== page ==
JUSTICE Secretary Vitaliano Aguirre II on Friday vowed to take action against those who released the contents of the sworn statement of Marc Anthony Ventura, the Aegis Juris member who turned state witness to testify against his fraternity brothers in the hazing death of law student Horacio Castillo III.
“Any copy of the sworn statement obtained by anyone and released publicly is a clear violation of the law and will be dealt with accordingly,” Aguirre warned in a statement.
On Wednesday, Ventura signed an agreement with the Justice Department to be placed under the Witness Protection Program after giving a sworn statement detailing the ordeal suffered by Castillo at the hands of his fraternity brothers in Aegis Juris.
“Under Section 7 of Republic Act No. 6981, an Act Providing For A Witness Protection, Security Program And For Other Purposes, no information or documents given or submitted in support of an application for admission to the WPP shall be released except upon written order of the department or the proper court,” Aguirre said.
“As of this statement, the Office of the Secretary of the DOJ has not issued any written order authorizing the release of any copy of the sworn statement of Marc Anthony B. Ventura, which he submitted to the Witness Protection Program,” Aguirre said.
On Wednesday, Aguirre announced at a press conference that Ventura had approached him to become a state witness in the hazing case. The DoJ is currently conducting a preliminary investigation over the criminal complaints against those believed involved in the hazing.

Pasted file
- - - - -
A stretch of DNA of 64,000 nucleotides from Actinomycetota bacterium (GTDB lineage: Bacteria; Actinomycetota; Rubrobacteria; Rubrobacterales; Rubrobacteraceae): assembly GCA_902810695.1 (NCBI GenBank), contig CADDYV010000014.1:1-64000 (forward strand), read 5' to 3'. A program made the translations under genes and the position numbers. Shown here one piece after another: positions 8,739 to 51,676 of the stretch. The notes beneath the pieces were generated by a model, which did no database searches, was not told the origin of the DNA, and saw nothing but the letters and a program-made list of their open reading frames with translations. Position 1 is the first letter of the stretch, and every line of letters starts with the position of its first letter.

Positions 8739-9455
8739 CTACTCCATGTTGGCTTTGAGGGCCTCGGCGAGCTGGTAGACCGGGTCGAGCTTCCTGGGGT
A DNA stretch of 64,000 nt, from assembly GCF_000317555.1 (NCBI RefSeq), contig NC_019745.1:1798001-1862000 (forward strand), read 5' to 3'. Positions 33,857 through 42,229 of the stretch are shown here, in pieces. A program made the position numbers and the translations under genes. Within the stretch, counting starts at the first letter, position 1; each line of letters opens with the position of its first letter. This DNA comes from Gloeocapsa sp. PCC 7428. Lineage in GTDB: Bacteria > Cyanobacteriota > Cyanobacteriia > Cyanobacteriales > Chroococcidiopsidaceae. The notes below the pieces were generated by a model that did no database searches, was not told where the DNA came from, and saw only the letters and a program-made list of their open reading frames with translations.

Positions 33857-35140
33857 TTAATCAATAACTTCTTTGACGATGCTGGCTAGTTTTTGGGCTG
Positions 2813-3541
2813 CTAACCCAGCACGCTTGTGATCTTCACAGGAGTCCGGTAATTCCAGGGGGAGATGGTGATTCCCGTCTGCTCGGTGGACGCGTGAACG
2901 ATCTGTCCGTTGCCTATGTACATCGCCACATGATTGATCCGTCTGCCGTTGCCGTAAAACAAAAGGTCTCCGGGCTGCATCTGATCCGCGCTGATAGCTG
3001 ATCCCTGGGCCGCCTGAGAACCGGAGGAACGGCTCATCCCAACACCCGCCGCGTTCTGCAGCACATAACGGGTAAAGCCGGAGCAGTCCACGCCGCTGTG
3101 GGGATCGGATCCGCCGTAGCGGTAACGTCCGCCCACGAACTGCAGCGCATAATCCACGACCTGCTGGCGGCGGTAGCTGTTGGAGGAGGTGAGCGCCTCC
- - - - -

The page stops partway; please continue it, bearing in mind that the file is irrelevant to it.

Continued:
Aguirre provided some details of Ventura’s account of the initiation rites held at the Aegis Juris library on Sept. 17, which led to the death of the University of Santo Tomas law student.
He also assured the media that he would provide copies of Ventura’s sworn statement.
“In due time, we will give you a copy of the affidavits. But let’s wait until it’s final and he’s in permanent coverage of the WPP,” Aguirre told reporters who asked for a copy of the document.
Though no copies were released, several media organizations have reported the contents of Ventura’s sworn statement based on leaked copies.
Nilo Divina, dean at the University of Santo Tomas Faculty of Civil Law, on Friday urged his fraternity brothers to tell the truth regarding the fatal hazing of Castillo, and welcomed the testimony of Ventura, calling it “a most welcome development.”
“I trust that Mr. Ventura tell the whole truth in the spirit of remorse. I hope that others will follow suit,” Divina said in a statement.
Divina also commended Aguirre for his “relentless efforts to reach out to possible witnesses” by offering them protection through the Witness Protection Program.
“This only shows his commitment to ferret out the truth and bring to justice those who may be responsible,” Divina said.
Divina is one of the respondents in the criminal complaints now undergoing preliminary investigation by the Department of Justice.
Divina, as well as 64 others, were placed on the DoJ’s immigration lookout bulletin in connection with Castillo’s death.